How can we continue to build cybersecurity into systems in a way that ensures future compliance? This is a hot topic featured on the AutoSens Brussels agenda in September, and one our Lead Sponsor onsemi are tackling head on. In this article, Radhika Arora, Sr. Director, Product Management, explores the upcoming regulations and breaks down the different types of cybersecurity threats.
“Just because you are paranoid doesn’t mean they aren’t after you” – Joseph Heller, author of Catch-22. What was true in 1961 when the book was first published remains just as true today. The basic building blocks remain the same – there is an army of technically adept folks hacking into vehicles for reasons ranging from “just because I can” to extortion and terrorism.
We have been lucky enough to witness a complete shift in the automobile industry where innovation has forced vehicles to turn into veritable computing platforms and data-sharing powerhouses. The automotive industry is at this inflection point with electrification, ride-sharing and active safety metamorphosizing the world as we know it today. These innovations come with significant advantages. Autonomous driving coupled with electrification will make for a better, greener environment. Part of the vision for autonomous driving is to increase the utilization of vehicles significantly. Typical cars that are only being driven for an hour a day, will be driven for almost 20 hours a day. Thus, instead of sitting idle in a parking lot all day long, automobiles will ferry around a lot more passengers and goods throughout the day. This will change our cramped cities by converting most of the parking lots in prime locations, to green or multi-use community spaces leading to a healthier life for all.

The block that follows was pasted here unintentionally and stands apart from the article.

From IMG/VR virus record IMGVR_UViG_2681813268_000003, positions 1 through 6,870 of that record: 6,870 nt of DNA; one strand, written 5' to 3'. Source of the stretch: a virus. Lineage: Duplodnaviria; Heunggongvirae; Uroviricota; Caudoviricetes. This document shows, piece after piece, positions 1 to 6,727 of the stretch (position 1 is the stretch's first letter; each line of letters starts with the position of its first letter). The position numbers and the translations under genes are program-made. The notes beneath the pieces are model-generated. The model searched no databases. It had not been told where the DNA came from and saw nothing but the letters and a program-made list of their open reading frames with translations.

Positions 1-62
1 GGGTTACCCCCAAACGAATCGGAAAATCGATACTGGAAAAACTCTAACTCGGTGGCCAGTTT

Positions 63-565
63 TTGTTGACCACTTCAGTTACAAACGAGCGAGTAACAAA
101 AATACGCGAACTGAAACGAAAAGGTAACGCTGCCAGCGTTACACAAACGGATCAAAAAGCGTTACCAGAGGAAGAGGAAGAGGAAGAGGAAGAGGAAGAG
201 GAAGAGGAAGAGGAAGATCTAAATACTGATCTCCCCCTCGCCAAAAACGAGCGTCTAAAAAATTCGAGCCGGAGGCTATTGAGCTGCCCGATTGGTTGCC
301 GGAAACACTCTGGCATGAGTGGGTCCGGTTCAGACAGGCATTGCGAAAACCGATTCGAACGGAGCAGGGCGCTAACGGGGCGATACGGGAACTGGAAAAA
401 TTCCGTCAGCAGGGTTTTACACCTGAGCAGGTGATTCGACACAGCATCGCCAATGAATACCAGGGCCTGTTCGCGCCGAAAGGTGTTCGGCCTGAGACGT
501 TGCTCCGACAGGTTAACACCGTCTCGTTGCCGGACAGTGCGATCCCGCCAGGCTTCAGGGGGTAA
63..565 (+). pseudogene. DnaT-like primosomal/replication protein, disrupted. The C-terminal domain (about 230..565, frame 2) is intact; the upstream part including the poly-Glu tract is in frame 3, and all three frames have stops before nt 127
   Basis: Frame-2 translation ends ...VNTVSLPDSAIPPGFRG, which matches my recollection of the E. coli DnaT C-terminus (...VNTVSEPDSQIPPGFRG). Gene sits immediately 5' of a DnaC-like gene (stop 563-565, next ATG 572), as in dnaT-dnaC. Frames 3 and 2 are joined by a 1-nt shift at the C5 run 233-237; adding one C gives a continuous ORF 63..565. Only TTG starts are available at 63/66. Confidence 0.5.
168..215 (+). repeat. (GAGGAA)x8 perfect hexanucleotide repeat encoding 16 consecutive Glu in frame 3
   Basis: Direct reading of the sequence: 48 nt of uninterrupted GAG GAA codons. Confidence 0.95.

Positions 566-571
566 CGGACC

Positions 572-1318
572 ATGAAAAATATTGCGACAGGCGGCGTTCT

This automobile of the future, which will drive around all day with minimal or no human supervision, will by most accounts have 100s of microcomputers with 100s millions of lines of code connected with 10s of sensors and actuators; all of which will provide an open invitation for potential cyber attacks. These cyber threats can either come from physical or remote access. As vehicle connectivity increases in the future, so will the threat vectors for remote attacks.
The industry today clearly understands cybersecurity needs to be built into all electronic systems and components. Threat vectors now have a wider range with a large attack surface with security arguably not keeping pace with change. Industry reports suggest that black hat hackers are more common now in the automotive sector than white hats, with greater than half the attacks being carried out by those with nefarious motives. According to a recent report by Upstream Security, there was a staggering 99% increase in automotive cybersecurity incidents. The industry has responded with releasing a draft of two regulations that will influence all aspects of automotive cybersecurity and associated software & hardware solutions. A key tenet of these cybersecurity standards and regulations will dictate that each vehicle must be secured throughout its entire lifecycle from development to production, through all stages of the customer use phase. The onus will be on the OEMs to architect their systems and define their supply chains to incorporate multi-layered cybersecurity solutions to protect against a multi-faceted attack.
The World Forum for the harmonization of vehicle regulations (WP.29) consists of two components: R155 cybersecurity management system (CSMS) and R156 software update management system (SUMS). CSMS is focused on implementing a high level of cybersecurity analysis, while SUMS is dedicated to safeguarding software updates during the vehicle lifecycle.
ISO/SAE 21434 is focused on implementing WP.29 CSMS requirements at the beginning of the system design process and enabling OEMs and suppliers to demonstrate engineering rigor and due diligence to delivering cybersecurity systems.